“Truth is, we get the truth we want.”
Fora TV: “Australian barrister Julian Burnside outlines content-related constraints on the media industry. He emphasizes the role of profit as a manipulator of content, claiming sports, sex, and political misconduct as the three most lucrative story topics for media sources.”
Complete video here.
The opening scenes of life onboard a luxury liner of the time carrying new immigrants from England to Australia strike a personal note with me. My family came to Canada on the CP ship “Empress of England” that departed from Liverpool and docked in Montreal, where we then boarded a train that took us over many days thousands of miles across the country all the way to Vancouver. A very strange and somewhat unsettling trip for a six-year old, although it was great fun for the most part…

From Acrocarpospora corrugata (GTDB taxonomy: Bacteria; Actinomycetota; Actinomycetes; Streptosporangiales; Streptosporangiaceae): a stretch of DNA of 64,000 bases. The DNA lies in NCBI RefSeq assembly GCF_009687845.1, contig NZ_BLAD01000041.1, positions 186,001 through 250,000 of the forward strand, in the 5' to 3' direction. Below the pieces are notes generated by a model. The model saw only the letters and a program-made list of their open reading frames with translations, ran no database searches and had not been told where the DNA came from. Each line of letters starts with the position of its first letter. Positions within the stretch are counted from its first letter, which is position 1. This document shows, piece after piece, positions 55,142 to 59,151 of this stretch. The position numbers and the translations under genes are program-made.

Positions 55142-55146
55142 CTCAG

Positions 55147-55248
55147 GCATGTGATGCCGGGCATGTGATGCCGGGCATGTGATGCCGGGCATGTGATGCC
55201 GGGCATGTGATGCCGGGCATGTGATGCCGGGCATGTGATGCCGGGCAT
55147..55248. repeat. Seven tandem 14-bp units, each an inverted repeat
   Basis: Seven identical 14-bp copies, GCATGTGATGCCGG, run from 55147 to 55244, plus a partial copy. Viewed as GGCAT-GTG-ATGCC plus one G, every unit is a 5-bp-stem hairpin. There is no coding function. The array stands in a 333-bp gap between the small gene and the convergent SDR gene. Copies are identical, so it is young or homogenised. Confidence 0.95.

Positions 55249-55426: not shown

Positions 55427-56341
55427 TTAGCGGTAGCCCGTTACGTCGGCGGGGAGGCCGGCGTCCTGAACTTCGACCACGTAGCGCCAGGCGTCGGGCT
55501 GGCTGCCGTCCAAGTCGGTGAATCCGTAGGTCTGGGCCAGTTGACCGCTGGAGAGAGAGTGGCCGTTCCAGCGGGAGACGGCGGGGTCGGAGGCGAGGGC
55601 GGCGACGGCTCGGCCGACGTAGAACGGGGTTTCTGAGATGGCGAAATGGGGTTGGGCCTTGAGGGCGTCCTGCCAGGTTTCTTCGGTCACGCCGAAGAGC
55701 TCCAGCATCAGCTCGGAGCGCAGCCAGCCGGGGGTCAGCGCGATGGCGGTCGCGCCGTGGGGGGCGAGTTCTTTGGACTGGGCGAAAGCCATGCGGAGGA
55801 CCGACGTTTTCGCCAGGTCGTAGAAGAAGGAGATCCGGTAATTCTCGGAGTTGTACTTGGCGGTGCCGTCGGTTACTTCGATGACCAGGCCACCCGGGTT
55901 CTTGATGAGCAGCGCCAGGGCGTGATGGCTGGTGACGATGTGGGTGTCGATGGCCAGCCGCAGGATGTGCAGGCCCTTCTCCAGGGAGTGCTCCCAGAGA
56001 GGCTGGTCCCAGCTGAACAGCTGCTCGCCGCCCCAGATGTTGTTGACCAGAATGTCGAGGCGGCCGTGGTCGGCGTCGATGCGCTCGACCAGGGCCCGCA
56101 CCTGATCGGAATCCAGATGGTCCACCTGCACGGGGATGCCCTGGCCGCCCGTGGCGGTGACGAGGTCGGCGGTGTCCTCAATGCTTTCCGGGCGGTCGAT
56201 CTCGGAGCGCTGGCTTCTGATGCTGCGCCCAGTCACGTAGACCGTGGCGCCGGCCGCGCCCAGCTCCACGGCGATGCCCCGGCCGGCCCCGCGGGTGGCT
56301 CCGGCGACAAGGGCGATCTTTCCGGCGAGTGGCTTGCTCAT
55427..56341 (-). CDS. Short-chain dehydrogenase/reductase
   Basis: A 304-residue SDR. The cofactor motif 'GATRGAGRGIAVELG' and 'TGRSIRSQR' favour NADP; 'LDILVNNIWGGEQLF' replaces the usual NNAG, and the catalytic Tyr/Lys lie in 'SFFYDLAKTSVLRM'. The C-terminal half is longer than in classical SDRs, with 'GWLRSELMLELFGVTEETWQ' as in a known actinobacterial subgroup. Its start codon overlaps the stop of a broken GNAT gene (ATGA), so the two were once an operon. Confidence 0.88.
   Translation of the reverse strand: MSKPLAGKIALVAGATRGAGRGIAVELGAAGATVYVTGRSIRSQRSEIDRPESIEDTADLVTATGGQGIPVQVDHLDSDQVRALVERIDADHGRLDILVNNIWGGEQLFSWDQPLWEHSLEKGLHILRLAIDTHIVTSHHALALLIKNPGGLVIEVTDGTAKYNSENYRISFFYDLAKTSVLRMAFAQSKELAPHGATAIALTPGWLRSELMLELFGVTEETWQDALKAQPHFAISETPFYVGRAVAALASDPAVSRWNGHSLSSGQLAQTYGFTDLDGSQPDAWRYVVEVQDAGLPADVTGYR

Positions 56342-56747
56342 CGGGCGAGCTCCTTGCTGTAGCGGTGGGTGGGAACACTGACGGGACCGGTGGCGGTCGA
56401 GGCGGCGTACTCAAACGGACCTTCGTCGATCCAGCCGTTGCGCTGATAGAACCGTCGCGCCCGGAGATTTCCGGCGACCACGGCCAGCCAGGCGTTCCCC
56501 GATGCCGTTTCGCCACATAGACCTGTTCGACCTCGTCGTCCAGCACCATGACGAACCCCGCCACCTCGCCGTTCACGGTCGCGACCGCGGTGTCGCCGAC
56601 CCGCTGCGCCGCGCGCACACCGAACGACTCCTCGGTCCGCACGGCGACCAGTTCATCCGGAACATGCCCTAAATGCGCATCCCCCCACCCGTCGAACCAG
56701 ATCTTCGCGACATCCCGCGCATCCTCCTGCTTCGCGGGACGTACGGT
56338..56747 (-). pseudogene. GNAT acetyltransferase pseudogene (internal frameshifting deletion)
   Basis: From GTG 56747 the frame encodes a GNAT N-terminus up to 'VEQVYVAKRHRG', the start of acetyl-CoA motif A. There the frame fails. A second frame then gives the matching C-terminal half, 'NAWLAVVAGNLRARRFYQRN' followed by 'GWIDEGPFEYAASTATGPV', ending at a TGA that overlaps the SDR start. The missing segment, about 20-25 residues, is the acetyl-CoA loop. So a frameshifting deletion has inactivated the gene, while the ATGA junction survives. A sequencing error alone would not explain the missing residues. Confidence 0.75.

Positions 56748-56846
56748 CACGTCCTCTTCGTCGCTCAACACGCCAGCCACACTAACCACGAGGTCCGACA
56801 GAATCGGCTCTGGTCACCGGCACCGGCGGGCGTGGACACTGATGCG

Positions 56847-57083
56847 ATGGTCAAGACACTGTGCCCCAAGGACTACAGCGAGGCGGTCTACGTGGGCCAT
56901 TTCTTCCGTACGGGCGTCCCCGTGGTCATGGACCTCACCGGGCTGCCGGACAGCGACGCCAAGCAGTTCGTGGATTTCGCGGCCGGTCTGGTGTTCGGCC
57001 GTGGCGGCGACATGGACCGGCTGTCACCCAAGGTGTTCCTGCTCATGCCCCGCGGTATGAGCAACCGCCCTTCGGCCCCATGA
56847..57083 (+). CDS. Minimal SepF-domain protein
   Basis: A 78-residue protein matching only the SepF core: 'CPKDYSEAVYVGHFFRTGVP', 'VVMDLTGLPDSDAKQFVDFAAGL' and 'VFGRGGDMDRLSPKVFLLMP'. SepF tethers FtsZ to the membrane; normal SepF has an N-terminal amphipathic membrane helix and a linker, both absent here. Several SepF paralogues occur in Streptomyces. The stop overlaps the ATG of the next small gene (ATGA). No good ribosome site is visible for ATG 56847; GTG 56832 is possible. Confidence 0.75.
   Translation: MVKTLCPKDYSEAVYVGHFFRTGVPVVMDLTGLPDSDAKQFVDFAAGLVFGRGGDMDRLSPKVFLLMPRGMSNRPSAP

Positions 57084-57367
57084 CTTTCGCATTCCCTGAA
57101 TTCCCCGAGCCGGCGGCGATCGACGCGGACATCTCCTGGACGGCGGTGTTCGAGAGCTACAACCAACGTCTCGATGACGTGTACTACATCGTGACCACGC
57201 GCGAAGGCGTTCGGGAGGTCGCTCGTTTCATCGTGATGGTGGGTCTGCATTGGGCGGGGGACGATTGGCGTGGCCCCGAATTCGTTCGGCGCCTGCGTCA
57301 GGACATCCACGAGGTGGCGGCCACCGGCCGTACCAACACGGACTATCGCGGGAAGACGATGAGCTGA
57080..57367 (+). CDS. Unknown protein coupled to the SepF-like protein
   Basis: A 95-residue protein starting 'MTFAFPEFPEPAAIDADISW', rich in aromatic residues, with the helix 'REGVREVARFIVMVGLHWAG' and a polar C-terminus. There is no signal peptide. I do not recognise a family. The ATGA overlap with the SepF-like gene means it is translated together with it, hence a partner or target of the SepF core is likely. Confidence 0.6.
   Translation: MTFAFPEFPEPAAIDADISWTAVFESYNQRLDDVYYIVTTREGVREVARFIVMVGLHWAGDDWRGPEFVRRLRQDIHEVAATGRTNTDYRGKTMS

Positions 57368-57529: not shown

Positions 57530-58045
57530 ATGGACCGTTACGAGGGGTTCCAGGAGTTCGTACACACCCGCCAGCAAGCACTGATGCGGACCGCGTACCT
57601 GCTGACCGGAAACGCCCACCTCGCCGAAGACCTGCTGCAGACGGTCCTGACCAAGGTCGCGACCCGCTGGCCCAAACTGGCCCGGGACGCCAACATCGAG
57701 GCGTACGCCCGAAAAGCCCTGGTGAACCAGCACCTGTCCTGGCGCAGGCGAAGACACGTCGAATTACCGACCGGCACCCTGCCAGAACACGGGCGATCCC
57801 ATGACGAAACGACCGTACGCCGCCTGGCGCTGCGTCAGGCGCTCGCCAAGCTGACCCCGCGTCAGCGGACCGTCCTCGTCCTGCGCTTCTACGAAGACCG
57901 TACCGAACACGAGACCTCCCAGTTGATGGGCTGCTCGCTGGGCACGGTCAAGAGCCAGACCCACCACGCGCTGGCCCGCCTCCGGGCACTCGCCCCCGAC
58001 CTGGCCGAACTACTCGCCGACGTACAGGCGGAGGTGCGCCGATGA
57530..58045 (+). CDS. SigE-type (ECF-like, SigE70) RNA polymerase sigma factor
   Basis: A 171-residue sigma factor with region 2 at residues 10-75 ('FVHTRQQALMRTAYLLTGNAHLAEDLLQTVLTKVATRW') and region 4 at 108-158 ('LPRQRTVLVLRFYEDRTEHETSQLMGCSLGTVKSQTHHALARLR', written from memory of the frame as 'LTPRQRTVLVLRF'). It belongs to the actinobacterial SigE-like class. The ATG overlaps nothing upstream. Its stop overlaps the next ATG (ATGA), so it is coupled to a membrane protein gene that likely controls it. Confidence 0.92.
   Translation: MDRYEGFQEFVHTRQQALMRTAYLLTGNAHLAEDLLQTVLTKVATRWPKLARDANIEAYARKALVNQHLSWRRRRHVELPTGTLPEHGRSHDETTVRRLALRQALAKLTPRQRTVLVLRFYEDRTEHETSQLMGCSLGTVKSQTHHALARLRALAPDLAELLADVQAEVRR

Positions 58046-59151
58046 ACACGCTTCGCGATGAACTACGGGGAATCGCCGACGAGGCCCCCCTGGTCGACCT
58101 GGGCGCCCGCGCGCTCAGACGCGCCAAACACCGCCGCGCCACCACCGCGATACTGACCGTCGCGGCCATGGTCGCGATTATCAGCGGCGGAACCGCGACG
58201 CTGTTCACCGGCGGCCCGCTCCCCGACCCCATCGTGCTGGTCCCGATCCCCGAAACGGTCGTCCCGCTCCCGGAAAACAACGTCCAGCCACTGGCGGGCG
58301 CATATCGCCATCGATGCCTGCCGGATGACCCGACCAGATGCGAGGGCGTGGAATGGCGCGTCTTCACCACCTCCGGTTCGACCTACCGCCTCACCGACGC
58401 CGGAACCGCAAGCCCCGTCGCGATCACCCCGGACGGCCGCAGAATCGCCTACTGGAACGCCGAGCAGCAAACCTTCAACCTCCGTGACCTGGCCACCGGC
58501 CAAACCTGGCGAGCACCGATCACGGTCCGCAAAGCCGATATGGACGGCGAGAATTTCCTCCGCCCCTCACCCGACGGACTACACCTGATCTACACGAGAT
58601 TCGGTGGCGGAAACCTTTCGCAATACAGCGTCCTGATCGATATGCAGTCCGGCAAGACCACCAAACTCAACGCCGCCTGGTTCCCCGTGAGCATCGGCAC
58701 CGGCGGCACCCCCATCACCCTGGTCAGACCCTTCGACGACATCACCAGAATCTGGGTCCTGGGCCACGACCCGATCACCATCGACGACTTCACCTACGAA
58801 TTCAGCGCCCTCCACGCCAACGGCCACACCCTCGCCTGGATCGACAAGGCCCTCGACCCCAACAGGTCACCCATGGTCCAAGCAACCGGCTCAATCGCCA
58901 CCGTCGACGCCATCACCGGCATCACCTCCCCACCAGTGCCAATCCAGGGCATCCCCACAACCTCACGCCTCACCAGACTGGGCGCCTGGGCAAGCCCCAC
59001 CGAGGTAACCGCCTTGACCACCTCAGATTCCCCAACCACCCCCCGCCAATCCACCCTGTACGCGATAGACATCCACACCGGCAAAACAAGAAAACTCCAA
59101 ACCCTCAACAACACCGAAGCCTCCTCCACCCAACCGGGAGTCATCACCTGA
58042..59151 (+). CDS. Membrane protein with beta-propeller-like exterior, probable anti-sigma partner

Much of this segment of the film deals with the institutionalized racism of Australia that drove its immigration policies for many years during the latter part of the 20th century. Of course, it’s easy to scoff at such ridiculous notions these days, but there’s an underlying sensibility of racial prejudice that still persists in our own policies to this day, most particularly a rather curious hypocrisy when it comes to the issue of economic migrants.
As much as I hate to admit it, maybe Peggy and Joe have a point here. Perhaps Obama would actually be better served, politically speaking, by an overtly hostile, antagonistic Congress.
To flip sides and revision this into a Canadian context, wouldn’t most people agree that a minority government better represents the will of the general electorate rather than a majority with virtually unchecked powers?